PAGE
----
At minute 2:03:46 the journalist’s question can be found: “My question also still refers to the case of Priest X. Can the law firm prove that Cardinal Ratzinger was then aware that Priest X. was an abuser? What does ‘most likely’ mean in this context?” […]

An expert responds, “[…] More likely means that we assume it with a higher probability. […]”.

The expert report contains no evidence for an allegation of misconduct or conspiracy in any cover-up.

As an archbishop, Cardinal Ratzinger was not involved in any cover-up of acts of abuse.

The report alleges that: In his memoir, Benedict XVI allegedly downplayed acts of exhibitionism. As evidence for this assertion the following indication contained in the memoir is reported: “Parish priest X. was noted as an exhibitionist, but not as an abuser in the proper sense”.

This does not correspond to the truth, in fact: In his memoir Benedict XVI did not minimize the exhibitionist behavior, but expressly condemned it. The phrase used as alleged evidence of minimizing exhibitionism is taken out of context.

In the memoir, in fact, Benedict XVI says with the utmost clarity that abuses, including exhibitionism, are “terrible”, “sinful”, “morally reprehensible” and “irreparable”. In the canonical evaluation of the event, inserted into the memoir by us the collaborators and expressed according to our judgment, there was only a desire to recall that according to the canon law then in force, exhibitionism was not a crime in the restricted sense, because the relevant penal norm did not include in the case in point behavior of that type.

Thus, the memoir of Benedict XVI did not minimize exhibitionism, but clearly and explicitly condemned it.

This fact-check was drafted by the collaborators in German. Should there be any linguistic discrepancies in the course of translation, the German version shall prevail. Prof. Dr. Stefan Mückl – Rome (Canon Law) Prof. em. Dr. Dr. Mag. Helmuth Pree – “Ludwig-Maximilians-Universität” of Munich (Canon Law) Dr. Stefan Korta – Buchloe (Church Law) Lawyer Dr. Carsten Brennecke – Cologne (Right to freedom of expression)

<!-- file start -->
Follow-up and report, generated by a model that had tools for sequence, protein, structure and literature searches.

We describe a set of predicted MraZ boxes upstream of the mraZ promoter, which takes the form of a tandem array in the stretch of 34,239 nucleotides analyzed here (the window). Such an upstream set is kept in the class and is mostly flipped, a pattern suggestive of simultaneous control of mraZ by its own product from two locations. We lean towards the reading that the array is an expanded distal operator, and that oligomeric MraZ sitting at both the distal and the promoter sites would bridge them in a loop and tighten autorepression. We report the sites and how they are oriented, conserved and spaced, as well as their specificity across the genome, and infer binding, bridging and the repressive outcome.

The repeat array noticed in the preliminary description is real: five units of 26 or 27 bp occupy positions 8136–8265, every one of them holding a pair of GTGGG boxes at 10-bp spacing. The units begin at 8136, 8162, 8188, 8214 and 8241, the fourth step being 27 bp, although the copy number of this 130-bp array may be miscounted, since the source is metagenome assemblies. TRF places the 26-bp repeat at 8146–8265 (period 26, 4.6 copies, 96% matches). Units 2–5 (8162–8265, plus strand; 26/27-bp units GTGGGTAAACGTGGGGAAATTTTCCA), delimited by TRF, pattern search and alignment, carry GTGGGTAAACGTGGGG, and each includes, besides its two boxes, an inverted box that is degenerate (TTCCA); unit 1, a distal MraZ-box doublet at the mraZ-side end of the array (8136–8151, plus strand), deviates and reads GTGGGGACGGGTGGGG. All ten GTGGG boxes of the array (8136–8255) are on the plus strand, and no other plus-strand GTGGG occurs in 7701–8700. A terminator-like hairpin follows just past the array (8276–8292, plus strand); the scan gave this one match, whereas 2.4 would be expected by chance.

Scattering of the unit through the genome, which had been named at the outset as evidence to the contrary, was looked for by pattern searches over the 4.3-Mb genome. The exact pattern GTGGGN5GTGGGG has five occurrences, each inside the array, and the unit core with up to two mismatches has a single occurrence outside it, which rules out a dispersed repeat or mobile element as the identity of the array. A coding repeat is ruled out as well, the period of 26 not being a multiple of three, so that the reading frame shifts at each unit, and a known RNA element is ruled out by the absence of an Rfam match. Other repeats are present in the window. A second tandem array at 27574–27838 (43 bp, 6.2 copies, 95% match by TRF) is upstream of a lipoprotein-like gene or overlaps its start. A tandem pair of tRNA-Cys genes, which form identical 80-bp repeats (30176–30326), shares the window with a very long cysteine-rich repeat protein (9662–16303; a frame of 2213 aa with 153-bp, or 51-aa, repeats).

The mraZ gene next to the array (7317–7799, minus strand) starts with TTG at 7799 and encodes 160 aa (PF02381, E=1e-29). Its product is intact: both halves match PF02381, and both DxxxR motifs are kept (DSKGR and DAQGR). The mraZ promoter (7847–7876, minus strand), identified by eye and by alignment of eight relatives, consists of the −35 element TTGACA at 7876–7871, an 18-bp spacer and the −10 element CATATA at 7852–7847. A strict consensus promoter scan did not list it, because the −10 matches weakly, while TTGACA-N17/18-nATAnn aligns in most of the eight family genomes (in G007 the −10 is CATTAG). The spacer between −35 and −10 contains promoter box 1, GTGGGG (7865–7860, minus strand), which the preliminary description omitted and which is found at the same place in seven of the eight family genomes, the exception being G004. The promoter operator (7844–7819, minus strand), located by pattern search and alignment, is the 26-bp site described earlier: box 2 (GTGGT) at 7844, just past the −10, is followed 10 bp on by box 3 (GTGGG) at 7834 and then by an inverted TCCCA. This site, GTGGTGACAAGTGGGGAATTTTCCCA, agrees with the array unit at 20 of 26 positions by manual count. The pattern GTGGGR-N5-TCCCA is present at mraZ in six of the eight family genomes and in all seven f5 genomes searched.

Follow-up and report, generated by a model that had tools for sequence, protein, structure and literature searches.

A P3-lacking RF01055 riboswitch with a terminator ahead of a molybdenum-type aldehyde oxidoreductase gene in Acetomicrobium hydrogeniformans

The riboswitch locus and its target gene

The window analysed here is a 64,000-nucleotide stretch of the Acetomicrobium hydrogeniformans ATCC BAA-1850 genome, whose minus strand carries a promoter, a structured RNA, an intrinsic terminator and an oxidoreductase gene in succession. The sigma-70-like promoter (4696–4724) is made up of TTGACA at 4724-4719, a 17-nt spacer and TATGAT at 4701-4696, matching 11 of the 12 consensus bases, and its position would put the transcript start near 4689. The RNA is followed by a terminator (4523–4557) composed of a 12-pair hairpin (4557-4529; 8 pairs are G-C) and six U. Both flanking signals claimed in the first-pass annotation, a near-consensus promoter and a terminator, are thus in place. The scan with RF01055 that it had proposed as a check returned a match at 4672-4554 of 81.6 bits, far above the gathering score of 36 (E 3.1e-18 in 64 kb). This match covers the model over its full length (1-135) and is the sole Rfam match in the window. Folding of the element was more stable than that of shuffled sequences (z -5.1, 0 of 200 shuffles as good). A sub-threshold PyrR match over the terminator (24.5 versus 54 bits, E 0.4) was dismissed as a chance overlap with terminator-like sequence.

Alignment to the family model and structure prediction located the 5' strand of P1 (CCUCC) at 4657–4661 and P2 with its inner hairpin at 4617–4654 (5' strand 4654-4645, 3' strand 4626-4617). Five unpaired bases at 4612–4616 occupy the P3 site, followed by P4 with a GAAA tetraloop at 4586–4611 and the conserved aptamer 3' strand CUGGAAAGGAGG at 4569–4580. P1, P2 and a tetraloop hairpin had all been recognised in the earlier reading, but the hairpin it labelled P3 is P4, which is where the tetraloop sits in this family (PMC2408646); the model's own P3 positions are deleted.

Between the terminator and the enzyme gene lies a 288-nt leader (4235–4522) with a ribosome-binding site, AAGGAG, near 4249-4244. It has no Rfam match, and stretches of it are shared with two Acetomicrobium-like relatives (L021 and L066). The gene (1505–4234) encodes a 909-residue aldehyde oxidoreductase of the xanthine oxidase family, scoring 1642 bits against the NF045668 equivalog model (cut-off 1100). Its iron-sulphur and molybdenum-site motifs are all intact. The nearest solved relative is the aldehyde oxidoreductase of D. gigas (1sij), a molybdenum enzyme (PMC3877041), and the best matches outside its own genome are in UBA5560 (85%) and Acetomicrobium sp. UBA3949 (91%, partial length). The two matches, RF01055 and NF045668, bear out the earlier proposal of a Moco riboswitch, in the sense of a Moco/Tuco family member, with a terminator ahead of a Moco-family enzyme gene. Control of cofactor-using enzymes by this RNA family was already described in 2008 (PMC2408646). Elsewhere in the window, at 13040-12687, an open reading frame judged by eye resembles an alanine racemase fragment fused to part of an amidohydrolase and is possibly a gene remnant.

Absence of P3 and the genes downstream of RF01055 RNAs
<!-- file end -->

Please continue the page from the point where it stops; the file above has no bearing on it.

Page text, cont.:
Following the publication of the investigation*,  the years of the Pope Emeritus’ Bavarian episcopate are in the spotlight. It’s only fair to remember Benedict XVI’s fight against clerical paedophilia during his pontificate and his willingness to meet and listen to the victims, asking them for forgiveness.

By Andrea Tornielli **

The words that were used during the press conference to present the report on abuse in the Archdiocese of Munich, as well as the seventy-two pages of the document dedicated to the brief Bavarian episcopate of Cardinal Joseph Ratzinger, have filled the newspapers in the past week and have triggered some very strong comments. The Pope emeritus, with the help of his collaborators, did not evade the questions of the law firm commissioned by the Archdiocese of Munich to draw up a report that examines a very long span of time, from the episcopate of Cardinal Michael von Faulhaber to that of the current Cardinal Reinhard Marx. Benedict XVI provided an 82-page response, after having been able to examine some of the documentation in the diocesan archives. Predictably, it was Ratzinger’s four and a half years at the helm of the Bavarian diocese that monopolized the attention of commentators. (photo Munich cathedral)

Some of the accusations have been known for more than ten years and had already been published by important international media. Today, there are four cases being contested against Ratzinger, and his personal secretary, Archbishop Georg Gänswein, has announced that the Pope Emeritus will issue a detailed statement after he has finished examining the report. In the meantime, however, the reiterated condemnation of these crimes by Benedict XVI can be forcefully repeated, and the steps taken by the Church in recent years, starting from his pontificate, can be retraced.